Mammograms seem to be the hot topic of the week. And for good reason. Mammograms are the most effective way to detect breast cancer. In the US alone 180,510 new cases of breast cancer are expected to be diagnosed this year. And 40,910 people are predicted to die from breast cancer. 99% of Americans affected by breast cancer are women.
Yesterday I told you that the American College of Physicians released a new guide on mammogram screening. This guide showed that a mammogram for women between the ages of 40 – 49 is may not be necessary. The woman’s current risk level should be looked at individually with her doctor — because the risks may not out weight the benefits.
Well today I have even more news about the risks of mammograms. A recently published study in the New England Journal of Medicine indicates that computer-aided mammograms may be the cause of unnecessary biopsies. Nor do they raise the chance of finding a tumor. The study looked at over 429,000 mammograms, from 43 different medical centers in three states. Researchers concluded that out of 1,000, 98 women were wrongly told they were cancer-free when their mammogram was read by a person. While 128 out of 1,000 were wrongly diagnosed when a computer read their mammogram.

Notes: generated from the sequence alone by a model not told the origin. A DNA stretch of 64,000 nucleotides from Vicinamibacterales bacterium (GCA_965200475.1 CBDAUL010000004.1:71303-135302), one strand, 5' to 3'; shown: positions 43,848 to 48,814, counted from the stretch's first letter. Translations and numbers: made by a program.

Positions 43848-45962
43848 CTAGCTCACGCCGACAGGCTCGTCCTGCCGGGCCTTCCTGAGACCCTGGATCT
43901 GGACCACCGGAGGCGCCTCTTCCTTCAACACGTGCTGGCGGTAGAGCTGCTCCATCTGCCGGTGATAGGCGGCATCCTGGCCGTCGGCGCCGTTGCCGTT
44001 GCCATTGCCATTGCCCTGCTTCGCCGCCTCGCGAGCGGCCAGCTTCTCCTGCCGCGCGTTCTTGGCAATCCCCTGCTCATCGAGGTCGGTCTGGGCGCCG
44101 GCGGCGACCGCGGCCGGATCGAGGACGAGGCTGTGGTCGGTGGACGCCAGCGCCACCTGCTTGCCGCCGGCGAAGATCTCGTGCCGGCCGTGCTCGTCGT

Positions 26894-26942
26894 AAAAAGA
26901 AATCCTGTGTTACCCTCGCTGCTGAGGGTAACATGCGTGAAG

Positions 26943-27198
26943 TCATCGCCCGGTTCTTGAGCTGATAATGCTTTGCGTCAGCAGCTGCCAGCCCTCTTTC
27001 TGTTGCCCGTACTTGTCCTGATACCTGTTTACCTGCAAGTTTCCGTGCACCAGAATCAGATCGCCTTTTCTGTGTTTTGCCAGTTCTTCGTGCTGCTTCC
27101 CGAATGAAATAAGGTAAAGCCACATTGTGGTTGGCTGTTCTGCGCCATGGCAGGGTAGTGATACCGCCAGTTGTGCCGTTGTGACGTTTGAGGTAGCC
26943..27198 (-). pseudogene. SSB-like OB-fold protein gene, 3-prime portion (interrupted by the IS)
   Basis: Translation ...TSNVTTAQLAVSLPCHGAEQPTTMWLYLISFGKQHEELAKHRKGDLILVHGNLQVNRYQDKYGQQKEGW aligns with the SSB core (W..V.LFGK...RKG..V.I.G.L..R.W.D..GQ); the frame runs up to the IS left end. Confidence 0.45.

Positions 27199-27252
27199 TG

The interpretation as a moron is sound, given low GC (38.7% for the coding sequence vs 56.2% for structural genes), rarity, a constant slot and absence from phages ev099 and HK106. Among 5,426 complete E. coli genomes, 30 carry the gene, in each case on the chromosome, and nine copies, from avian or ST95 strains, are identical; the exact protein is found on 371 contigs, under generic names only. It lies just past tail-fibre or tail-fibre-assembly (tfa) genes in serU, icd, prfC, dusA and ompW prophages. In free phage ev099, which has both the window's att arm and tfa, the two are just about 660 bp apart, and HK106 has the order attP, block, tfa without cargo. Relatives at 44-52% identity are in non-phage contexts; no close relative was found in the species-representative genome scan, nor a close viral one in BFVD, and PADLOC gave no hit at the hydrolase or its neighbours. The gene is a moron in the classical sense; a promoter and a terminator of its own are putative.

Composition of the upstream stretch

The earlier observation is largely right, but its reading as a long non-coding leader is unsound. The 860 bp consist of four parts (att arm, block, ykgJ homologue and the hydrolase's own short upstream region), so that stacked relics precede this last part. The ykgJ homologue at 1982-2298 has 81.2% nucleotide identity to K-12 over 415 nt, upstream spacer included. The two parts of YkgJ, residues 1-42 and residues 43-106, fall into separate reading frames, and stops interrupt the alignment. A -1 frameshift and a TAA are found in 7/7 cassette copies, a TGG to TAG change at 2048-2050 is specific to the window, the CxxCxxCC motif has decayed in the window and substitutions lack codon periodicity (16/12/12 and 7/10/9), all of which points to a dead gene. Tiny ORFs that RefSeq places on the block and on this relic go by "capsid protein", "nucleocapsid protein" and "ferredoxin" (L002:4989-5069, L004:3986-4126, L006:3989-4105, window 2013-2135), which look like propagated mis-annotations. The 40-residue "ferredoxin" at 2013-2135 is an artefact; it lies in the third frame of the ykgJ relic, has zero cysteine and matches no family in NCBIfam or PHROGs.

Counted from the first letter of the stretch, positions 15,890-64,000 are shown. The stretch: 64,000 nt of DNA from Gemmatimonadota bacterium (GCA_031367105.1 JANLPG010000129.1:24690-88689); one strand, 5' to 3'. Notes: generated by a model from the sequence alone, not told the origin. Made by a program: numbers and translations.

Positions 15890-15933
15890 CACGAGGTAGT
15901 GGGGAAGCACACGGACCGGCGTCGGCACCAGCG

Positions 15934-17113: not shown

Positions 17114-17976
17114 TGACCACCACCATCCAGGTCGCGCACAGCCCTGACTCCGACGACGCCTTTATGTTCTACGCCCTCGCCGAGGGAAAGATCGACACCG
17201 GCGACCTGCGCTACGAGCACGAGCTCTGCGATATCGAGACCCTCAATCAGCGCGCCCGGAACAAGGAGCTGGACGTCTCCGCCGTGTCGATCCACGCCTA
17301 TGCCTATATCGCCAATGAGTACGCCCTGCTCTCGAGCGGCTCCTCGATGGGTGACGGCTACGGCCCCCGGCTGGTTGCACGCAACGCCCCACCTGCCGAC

That’s an extra 30 wrong diagnoses when a computer is involved. In law suits against radiologists, missed tumors were the main issue. And approx. 24 million mammogram screenings are done in the US each year. So what does that mean for you? When scheduling your next mammogram, ask your medical center if you can have a human-read screening. If not, consider looking for a new facility where computers are not used.
In addition to your mammograms, you should do a self- exam every month. And your doctor should also check when you’re in for your annual physical.